While the path to a substantially larger global macadamia industry will undoubtedly present some challenges, the opportunities have never been bigger for growers, investors and manufacturers. It’s an exciting time to be part of this dynamic and rapidly expanding industry.
This year’s top 5 macadamia producers
1. South Africa
With current plantings of 32,500 hectares, South Africa is now the world’s largest producer, having experienced a steep growth curve, albeit slightly hindered by the worst drought in 100 years throughout 2016, with continued impacts into 2017. There is significant growth in area under planting with around 5,000 hectares being planted in 2017 and expectations of similar plantings in 2018. Investment in new processing infrastructure is progressing at pace in anticipation of continued crop growth, and the introduction of a new statutory levy will see greater R&D investment starting to flow through.
Current plantings are estimated at 25,000 hectares, with 3,000-4,000 hectares being planted this year. Production is expected to ramp up in coming years as new plantings come into bearing. Nurseries are at full capacity and the availability of nursery stock continues to be the primary constraint to further development. The focused investment in productivity has delivered major industry-wide changes over the last 5 years, especially in the management of older orchards. This, coupled with new plantings, bodes well for even greater consistency in Australia’s production in coming years.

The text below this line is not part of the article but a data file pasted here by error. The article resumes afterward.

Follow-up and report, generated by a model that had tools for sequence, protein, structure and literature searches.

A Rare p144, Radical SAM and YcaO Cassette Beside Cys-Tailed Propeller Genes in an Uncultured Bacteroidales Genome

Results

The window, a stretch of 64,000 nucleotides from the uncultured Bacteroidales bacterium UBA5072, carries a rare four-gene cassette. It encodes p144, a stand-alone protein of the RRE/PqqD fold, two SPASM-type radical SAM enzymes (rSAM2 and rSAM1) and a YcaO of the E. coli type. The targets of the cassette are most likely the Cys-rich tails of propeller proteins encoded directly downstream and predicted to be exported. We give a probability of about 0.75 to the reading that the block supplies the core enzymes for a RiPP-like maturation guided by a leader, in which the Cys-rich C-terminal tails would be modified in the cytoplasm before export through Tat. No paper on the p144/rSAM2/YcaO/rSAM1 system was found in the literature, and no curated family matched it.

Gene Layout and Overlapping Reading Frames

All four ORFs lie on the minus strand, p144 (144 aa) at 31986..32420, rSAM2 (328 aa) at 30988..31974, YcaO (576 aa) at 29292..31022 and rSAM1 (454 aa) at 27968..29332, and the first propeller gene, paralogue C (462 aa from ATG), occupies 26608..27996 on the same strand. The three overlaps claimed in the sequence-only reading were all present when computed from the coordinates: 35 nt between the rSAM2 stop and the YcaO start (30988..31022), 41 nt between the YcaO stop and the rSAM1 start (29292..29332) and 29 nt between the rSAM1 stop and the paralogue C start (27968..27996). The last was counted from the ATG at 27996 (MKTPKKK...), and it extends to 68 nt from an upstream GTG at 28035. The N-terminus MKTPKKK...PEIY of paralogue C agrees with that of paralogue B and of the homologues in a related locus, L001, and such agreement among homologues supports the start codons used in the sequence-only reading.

Small plantations typify this origin, with around 200,000 small farms currently producing an estimated 32,500 tonnes in-shell. The biggest challenge for Kenyan growers is consolidation and transportation of product into processing plants. Medium and large-scale farming is emerging, with most of the growth coming from East Africa, Tanzania and Uganda, however further industrialization is needed. Certified nursery stock and improved seedling quality is needed for further growth in plantings. Currently new plantings are estimated at around 1,000 hectares per annum.
China now has up to 200,000 hectares under planting and will be the fourth-largest producer this year at around 20,000 tonnes in-shell. Up to 80% of farms in the largest growing region of Yunnan are owned by small growers, with the government supporting macadamia farming, and poverty alleviation a key driver of new growers entering the industry. Plantings are continuing and are reportedly expected to reach more than 300,000 hectares within the next 5-10 years, with China enjoying a counter-seasonal advantage over other origins.
Macadamias are the third-largest agricultural product in Hawaii. An identity crop with significant extra value from its tourist trade, the Hawaiian industry has just over 500 growers with three growers representing more than 80% of production. There has been very little recent growth with 7,300 hectares under planting, however yields have increased as a result of strong prices.